They don't make garbage like they used to. Do you remember the good old days when you could throw away everything when you were done with it? Actually, those were not the good old days, because we were also trashing our environment. We now have the privilege of sorting through what used to be just garbage. Bottles, newspapers, cans, and glass are now called recyclables. It is amazing how garbage can be taken and then recycled into something useful again.
Our youngest son was asleep upstairs, and his dog, Missy, was confined to the kitchen. Our daughter, who was visiting, thought it would be fun to play with Missy, so she removed the gate on the kitchen and let her out. She did not get to play with Missy because that dog took off like a rocket with a guidance system. Missy made a mad dash down the hall and up the stairs, somehow managed to get our son's door opened, and jumped into his bed. We didn't even know that she knew where he was. Somebody said, "Boy, she's a smart dog." Well, she is. She knows exactly where her master is. She goes straight there.
Our family has had the privilege to spend some unforgettable ministry days on the Navajo reservation in New Mexico and Arizona. When you are there, you do a lot of driving because that one reservation is the size of West Virginia. The vehicle of choice there is not a car. No, you want a truck. Many places are only accessible by roads that are steep, bumpy, and full of craters. Driving is a major challenge to the durability of any vehicle - or passenger. You'll hear many radio advertisements using this one phrase to promote the quality of their truck. This macho voice says, "It's reservation tested."
Have you seen the game show Jeopardy? What an appropriate title for a show that comes on right after the world news!
Three contestants are given several categories, ranging from U.S. presidents to cat food. First, a contestant picks a dollar value in a given category and the host provides the answer. Then the three contestants vie to see who can be first to phrase the question that fits the answer. Some of them do very well and win lots of money, but others fold. Some of these people wind up in a hole with their money. How do they get on the show? It's hard to come up with right answers when you have all that pressure on you.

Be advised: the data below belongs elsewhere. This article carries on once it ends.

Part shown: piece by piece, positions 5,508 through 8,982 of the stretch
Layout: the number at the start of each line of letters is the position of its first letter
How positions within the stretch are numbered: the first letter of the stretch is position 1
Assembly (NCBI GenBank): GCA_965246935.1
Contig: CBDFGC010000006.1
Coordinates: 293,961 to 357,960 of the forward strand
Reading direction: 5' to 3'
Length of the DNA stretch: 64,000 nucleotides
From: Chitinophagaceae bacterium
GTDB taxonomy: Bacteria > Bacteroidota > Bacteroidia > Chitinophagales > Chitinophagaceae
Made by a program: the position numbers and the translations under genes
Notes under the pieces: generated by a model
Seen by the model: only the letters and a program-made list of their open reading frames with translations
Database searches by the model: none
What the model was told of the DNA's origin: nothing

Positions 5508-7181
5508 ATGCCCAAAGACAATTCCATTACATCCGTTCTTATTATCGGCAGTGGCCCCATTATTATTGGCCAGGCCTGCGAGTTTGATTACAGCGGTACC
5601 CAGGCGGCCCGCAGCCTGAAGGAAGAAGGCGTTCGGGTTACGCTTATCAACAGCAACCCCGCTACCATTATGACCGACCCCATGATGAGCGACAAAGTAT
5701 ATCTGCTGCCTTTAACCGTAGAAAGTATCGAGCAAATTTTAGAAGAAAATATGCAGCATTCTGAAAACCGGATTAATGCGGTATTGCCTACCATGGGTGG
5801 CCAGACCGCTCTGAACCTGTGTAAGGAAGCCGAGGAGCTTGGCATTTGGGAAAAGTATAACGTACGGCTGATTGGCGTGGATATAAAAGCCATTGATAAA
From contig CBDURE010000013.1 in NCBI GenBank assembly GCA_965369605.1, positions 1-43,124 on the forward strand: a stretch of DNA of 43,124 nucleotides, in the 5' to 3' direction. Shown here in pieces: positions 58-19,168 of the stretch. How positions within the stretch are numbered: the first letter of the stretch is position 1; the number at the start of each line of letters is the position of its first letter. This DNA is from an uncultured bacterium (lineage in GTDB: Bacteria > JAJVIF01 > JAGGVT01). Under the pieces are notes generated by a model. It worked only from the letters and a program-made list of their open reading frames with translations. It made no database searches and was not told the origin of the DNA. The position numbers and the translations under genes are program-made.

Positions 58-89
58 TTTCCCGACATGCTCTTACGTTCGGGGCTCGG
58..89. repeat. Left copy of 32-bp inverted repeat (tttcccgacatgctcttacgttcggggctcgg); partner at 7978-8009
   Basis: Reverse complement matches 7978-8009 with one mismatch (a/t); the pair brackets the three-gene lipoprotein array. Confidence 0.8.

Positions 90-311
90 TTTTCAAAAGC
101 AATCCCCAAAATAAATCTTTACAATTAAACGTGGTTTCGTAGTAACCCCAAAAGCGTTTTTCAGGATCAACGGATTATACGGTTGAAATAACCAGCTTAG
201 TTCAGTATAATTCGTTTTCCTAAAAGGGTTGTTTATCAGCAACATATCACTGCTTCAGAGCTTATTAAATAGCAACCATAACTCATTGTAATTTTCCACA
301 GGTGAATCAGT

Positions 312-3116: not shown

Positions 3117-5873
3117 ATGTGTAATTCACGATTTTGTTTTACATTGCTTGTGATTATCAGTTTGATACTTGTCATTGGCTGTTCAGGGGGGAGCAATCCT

Happiness can be a sailboat. Some people work in high-stress environments all week long, and they let it all go on their sailboats on their day off.
When we are in a hurry, we don't want to see certain signs on the highway such as "Reduce Speed" and "Construction Ahead." Slowing down for big construction areas can be a pain. It's an inconvenience, but things will be so much better when they're finished.
A city I visited missed the hurricane that hit the South, but we did get two days of the wet weather leftovers. We had drenching rain. Compared to the hurricane we had it easy, but the rain really soaked us.
There used to be an amusement park with a ride called the Rotor. It was like a giant washing machine tub, except they didn't put clothes in it. People would step into this big, round cylinder and stand on a ledge. It would start to spin, getting faster and faster, and then the floor would drop out from underneath them. You could hear the screams halfway across the city as riders were thrown against the outer edges. Centrifugal force is amazing! The faster things are spinning, the more things are spun to the edge.
A lot of memories are made on family vacations, and they're great once you get going. The problem is that getting ready is such a production.
Once on an airplane flight from Chicago to Newark, I was busily working when suddenly the pilot put on the brakes. We were not really near Newark yet, so I tried to figure out what was going on.